Review: Boy with the Rainbow Umbrella by Coleman Grehan

Boy with the Rainbow Umbrella
Written/Directed by Coleman Grehan, Starring Nicholas Prior and Lachlan Smith
Produced by Ruby Newport, Design by Kaylee Gannaway
19 Heath Street, East Brisbane
Shows @ 7:30pm Friday 13th and Saturday 14th

Review by Josh Lyons

Queensland has an issue with a backwards law. Under a house in East Brisbane, two young men weave an intimate tale of how our attitudes towards masculinity gave it plenty of room to grow.

This show interrogates the Homosexual Advance Defense strategy, which stipulates that under Queensland (and South Australian) law, Homosexual advances constitute provocation warranting the reduction of a murder charge to manslaughter. It sounds complex, because law, but really it’s very simple, and the two actors in the show quickly and effectively fill us in on the details to make way for the nitty-gritty, an intimate conversation about the tangible effects of our unhealthy views of masculinity.

Pre-show conversation happens in the garage, and at the shows commencing the actors come out to deliver a duologue about the nature of the show. They touch on themes, introduce the characters (simply with “One is gay, and one is not”) clarify that “Promenade Theatre” may have been an overstatement, and deliver some solid choreographed humour. It’s a very strong start to the show, and has us eagerly engage in the journey, following the actors into a different room for the remainder of the show.

This is where the rest of the action occurs. Set against a detailed black and white room, we first meet Adrian (Lachlan Smith). This is his room. His mattress rests unceremoniously on the floor with his crumpled tissues, and his straight (in more ways than one) demeanour is reflected in the monochrome of the walls, props, costumes and furnishings. Soon a young man, introduced only as J (Nicholas Prior) enters. Adrian recognises him, we won’t learn why for some time, but the show continues by exploring their conversations about themselves, their sexualities, and how the world views them. J is gay, a clean-freak, feminine and out-going. Adrian is straight, slobbish, manly and reserved. This alone is enough to cause our first tensions, which drive us through to discoveries about the boy’s relationships, with family, friends, relationships and, most importantly, each other.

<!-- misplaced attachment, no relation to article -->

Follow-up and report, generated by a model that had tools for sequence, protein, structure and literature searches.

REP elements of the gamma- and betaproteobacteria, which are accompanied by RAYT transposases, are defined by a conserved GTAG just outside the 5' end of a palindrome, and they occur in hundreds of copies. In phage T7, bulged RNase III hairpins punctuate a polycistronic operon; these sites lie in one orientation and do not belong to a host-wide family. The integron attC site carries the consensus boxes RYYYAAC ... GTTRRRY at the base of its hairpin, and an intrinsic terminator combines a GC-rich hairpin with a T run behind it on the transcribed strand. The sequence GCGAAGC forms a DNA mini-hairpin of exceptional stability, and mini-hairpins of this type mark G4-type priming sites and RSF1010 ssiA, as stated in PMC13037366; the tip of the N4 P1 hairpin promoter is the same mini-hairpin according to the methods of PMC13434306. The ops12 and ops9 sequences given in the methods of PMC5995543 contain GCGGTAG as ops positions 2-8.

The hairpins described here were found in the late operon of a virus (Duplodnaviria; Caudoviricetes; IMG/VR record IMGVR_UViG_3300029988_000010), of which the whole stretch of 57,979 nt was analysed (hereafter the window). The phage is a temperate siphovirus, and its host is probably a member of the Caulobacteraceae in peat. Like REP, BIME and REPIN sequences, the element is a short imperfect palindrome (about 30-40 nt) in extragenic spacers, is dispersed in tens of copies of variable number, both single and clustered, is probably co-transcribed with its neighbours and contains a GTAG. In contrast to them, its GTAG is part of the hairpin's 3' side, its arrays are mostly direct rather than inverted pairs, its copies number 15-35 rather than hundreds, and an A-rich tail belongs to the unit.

This show walks an interesting line. On the surface it would seem to be a play about the issues surrounding the Homosexual Advance Defense Strategy, and center primarily on that. But no-one in the room to see this play is on the other side of that issue, which makes it a hardly nuanced exploration. Accordingly, Grehan has decided to tackle the much more complex issue of Australian perceptions of masculinity, and use it as a launching point for a personal story about the issue. It was Daniel Evans who first spoke the phrase “The universal is in the personal” to me, and it’s something that’s informed my practice ever since. And these guys absolutely nailed it. They brought us through to the universal of the issue via the intimate and personal tale of these two young men, and that is highly commendable.

This brings us to our two performers, Prior and Smith. Their work was mostly very good. They took the story extremely seriously, and had obviously given a lot of thought to the complex characters that they brought before us. It was somewhat upsetting then, to see the best moment of the play, in which the tensions between the boys rise massively and their confrontation turns to yelling, filled with an emotional connection that they hadn’t found for much of the remainder of the show. Not to say that their work elsewhere in the play wasn’t good, simply that their connection and responsiveness seemed to heighten in that moment in a way that we hadn’t seen before then, and didn’t after. Anger is often an easy emotion to conjure, especially for young men, but it would have been great to see the same energy present throughout the entirety of the show.

The space was curious. As a particularly large person, I tend to struggle with smaller spaces, and being asked to stand for a show. This led to me often feeling as though I was in the way of the performance, despite effectively being wedged into a corner. Aside from the squeamishness of larger patrons however, the space was extremely effective for allowing the intimacy that the play thrives on. There were times where the performers were literally inches from us, we were hit by thrown props (harmlessly) and this really brought us into the world. The design was symbolic of the very straight Adrian, and was in stark contrast of the only coloured prop of the show, the rainbow umbrella. The combination of this juxtaposition and inferred meanings of rainbows in relation to sexuality excellently provided a sense of the story that was to be told, and Gannaway’s attention to detail with this was extremely impressive. My personal favourite item of set was a cactus that had been painted white in a black pot, but I digress.

At its core this show seems to be about an issue, and it tackles it with gusto while delivering the much more accessible tale alongside. If you’re fascinated by masculinity, sexuality, law, or just seeing theatre that is quintessentially Brisbane, then this show will be a magnificent addition to your Anywhere Festival experience.
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